Wildlife Agencies In The Bag For Hunters – Time For A Change

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Time for Wildlife Agencies to Protect Animals, Not Kill Them

In January, the Idaho Department of Fish and Game sent a helicopter into the Frank Church River of No Return Wilderness to radio-collar wolves. This incursion violated the rules of the federally protected wilderness area. It also broke the department’s own agreement with the federal government, dating from a prior violation in which Fish and Game sent a trapper into the protected area to exterminate wolves. By the time conservationists filed suit in that 2013 incident, nine wolves in two packs were already dead.

 Idaho Fish and Game is, let’s be frank, an outlaw agency. It regards killing wolves as part of its sacred duty to protect elk for hunters. The agency is apparently clueless about the abundant evidence that strong predators make strong habitats and strong prey.

But let’s not pick on Idaho. What happened there fit seamlessly with the entire long history of wildlife agencies manipulating the environment for the benefit of hunters. In truth, that kind of game management dates back at least to Charlemagne and Genghis Khan, and it persists today in the names and the mind-set of the many wildlife agencies that still call themselves fish and game departments.

Predator control tends to get the headlines. But these agencies also engage in large-scale alterations of the landscape—by clearing forests, conducting prescribed burns, building water catchments, removing shrubs from wetlands, and other means—to benefit game animals, with little or no regard for how this will affect all the other non-game species living in that habitat. And the habitat in question is huge. In Scotland, for instance, 58 percent of the total land area is managed for hunting, mostly upland birds. In Slovenia, it’s 94 percent of the total land area.

The widespread character of this land management caught the attention of Travis Gallo, a doctoral candidate in conservation biology at Colorado State University. He was also interested in how much money goes into game management, especially compared to what other nongame species get. Hunting licenses in the United States contributed $790 million to wildlife programs in 2013, and special duties and taxes on hunting gear, via the Wildlife Restoration Act, added another $550 million.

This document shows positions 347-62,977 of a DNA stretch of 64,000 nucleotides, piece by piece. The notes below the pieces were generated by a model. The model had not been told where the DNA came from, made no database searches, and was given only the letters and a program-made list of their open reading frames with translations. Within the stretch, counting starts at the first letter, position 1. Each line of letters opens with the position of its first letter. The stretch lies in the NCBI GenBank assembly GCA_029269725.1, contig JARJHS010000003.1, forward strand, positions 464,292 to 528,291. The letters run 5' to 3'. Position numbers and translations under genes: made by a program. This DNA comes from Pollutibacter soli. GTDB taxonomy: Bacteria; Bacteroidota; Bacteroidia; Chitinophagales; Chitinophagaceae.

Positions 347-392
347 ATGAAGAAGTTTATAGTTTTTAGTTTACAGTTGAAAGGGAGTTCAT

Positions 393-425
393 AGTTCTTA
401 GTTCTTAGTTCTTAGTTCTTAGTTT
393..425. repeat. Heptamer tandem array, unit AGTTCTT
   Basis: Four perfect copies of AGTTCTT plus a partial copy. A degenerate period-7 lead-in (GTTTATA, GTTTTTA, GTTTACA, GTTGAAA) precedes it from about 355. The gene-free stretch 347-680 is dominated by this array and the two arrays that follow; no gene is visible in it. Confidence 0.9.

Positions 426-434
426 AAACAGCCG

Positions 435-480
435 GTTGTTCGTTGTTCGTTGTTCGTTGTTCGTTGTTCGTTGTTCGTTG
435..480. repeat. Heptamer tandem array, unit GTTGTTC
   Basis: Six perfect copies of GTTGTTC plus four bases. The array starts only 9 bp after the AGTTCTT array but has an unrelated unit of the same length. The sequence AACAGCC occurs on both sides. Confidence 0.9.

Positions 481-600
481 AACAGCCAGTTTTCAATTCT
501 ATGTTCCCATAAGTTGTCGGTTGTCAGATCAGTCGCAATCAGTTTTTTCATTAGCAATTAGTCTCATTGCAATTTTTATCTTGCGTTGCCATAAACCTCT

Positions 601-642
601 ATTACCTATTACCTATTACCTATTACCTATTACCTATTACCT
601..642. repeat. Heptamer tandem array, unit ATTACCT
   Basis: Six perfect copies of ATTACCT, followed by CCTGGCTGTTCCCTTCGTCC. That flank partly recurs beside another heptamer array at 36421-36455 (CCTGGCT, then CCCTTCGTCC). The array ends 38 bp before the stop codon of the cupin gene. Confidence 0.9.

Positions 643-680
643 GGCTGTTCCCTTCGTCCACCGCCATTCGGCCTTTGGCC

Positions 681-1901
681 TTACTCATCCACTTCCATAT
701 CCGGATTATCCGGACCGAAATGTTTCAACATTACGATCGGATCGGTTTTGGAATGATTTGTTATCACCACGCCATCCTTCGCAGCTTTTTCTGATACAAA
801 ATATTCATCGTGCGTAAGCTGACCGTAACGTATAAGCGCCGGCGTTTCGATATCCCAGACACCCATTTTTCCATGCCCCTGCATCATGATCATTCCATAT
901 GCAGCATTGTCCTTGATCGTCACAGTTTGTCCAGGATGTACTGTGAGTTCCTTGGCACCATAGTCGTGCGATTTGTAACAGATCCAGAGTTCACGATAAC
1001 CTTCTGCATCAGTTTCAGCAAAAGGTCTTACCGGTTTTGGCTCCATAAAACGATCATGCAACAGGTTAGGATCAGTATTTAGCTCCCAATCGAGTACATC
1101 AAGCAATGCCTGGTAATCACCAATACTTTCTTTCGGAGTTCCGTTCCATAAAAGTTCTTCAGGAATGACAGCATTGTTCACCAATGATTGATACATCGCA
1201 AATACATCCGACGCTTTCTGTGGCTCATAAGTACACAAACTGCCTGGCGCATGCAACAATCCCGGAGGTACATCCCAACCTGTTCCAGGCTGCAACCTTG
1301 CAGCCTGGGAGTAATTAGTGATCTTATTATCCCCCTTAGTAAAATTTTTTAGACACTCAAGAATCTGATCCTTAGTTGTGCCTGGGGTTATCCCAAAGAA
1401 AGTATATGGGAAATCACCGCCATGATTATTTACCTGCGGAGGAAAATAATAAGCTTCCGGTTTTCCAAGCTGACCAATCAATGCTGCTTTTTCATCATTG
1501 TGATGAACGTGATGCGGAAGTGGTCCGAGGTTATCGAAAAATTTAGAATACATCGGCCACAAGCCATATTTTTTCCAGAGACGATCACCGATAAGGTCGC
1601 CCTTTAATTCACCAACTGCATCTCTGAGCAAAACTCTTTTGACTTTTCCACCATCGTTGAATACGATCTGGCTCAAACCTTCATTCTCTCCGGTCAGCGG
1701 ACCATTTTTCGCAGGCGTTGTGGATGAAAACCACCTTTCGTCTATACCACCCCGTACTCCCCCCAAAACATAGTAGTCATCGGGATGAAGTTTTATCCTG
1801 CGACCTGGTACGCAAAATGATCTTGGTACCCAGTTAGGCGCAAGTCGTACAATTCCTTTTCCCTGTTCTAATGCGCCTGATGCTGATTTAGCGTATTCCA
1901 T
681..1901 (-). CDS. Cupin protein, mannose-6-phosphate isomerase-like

Gallo’s original idea was that, even if this funding results in a one-sided focus on game animals, there might be inadvertent benefits for nongame wildlife too. Like a lot of people in Colorado, he’s a hunter himself, for deer and elk, and “I really wanted to find some synergy,” he said. What he found instead, he reports in a new study in the journal Biological Conservation, is that hardly anybody even bothers to ask the question.

A broad search of the scientific literature revealed just 26 studies “that directly evaluated the effect of game management practices on non-targeted wildlife.” The effect was positive 40 percent of the time and negative 37 percent of the time, more or less what you would expect by chance.

On the positive side, for example, wildlife agencies removed shrubs from wetlands in the Great Lakes to create habitat for sharp-tailed grouse, a game bird. But that inadvertently also benefited birds like LeConte’s sparrow and the sage wren, which also require open wetland habitat. Water catchments in Arizona turned out to benefit native bats more than the mule deer and other game species for which they were intended. On the negative side, the United Kingdom manages habitat for fallow deer, roe deer, and the Reeves’s muntjac (a deer species native to China), and this inadvertently causes sharp declines in native British birds such as the common nightingale, the willow warbler, and the chiffchaff. Managing for overabundant elk at the National Elk Refuge in Wyoming nibbles down cover that would otherwise harbor migratory shorebirds and songbirds.

In the new study, Gallo and his coauthor, Liba Pejchar, note up front that they aren’t “advocating that hunting be reduced or prohibited on either public or private lands.” They rightly note that a lot of habitat and species now survive only because of hunters. In the United States, big game hunters launched the conservation movement in the late 19th century, just in time to save the bison from extinction. They drove through the passage of the Lacey Act, which remains our fundamental law against illegal wildlife and plant trafficking. They played a major role in creating some of our most important national parks.

But that doesn’t mean the hook-and-bullet mentality should be ruling our wildlife agencies today, if only as a matter of their own self-preservation. The number of people identifying themselves as hunters (and paying those license fees) is sharply declining, down to just 13.7 million in 2012. But in the same survey, 71.8 million Americans said they were wildlife watchers. One way to get wildlife agencies to broaden their focus to nongame animals would be for those wildlife watchers to begin to take over the funding. That is, you and I should be stepping up to pay a special wildlife tax on our binoculars and our birdfeeders, the way hunters do on their guns.  That was the gist of the Teaming With Wildlife Act of 2009, but it went nowhere in Congress.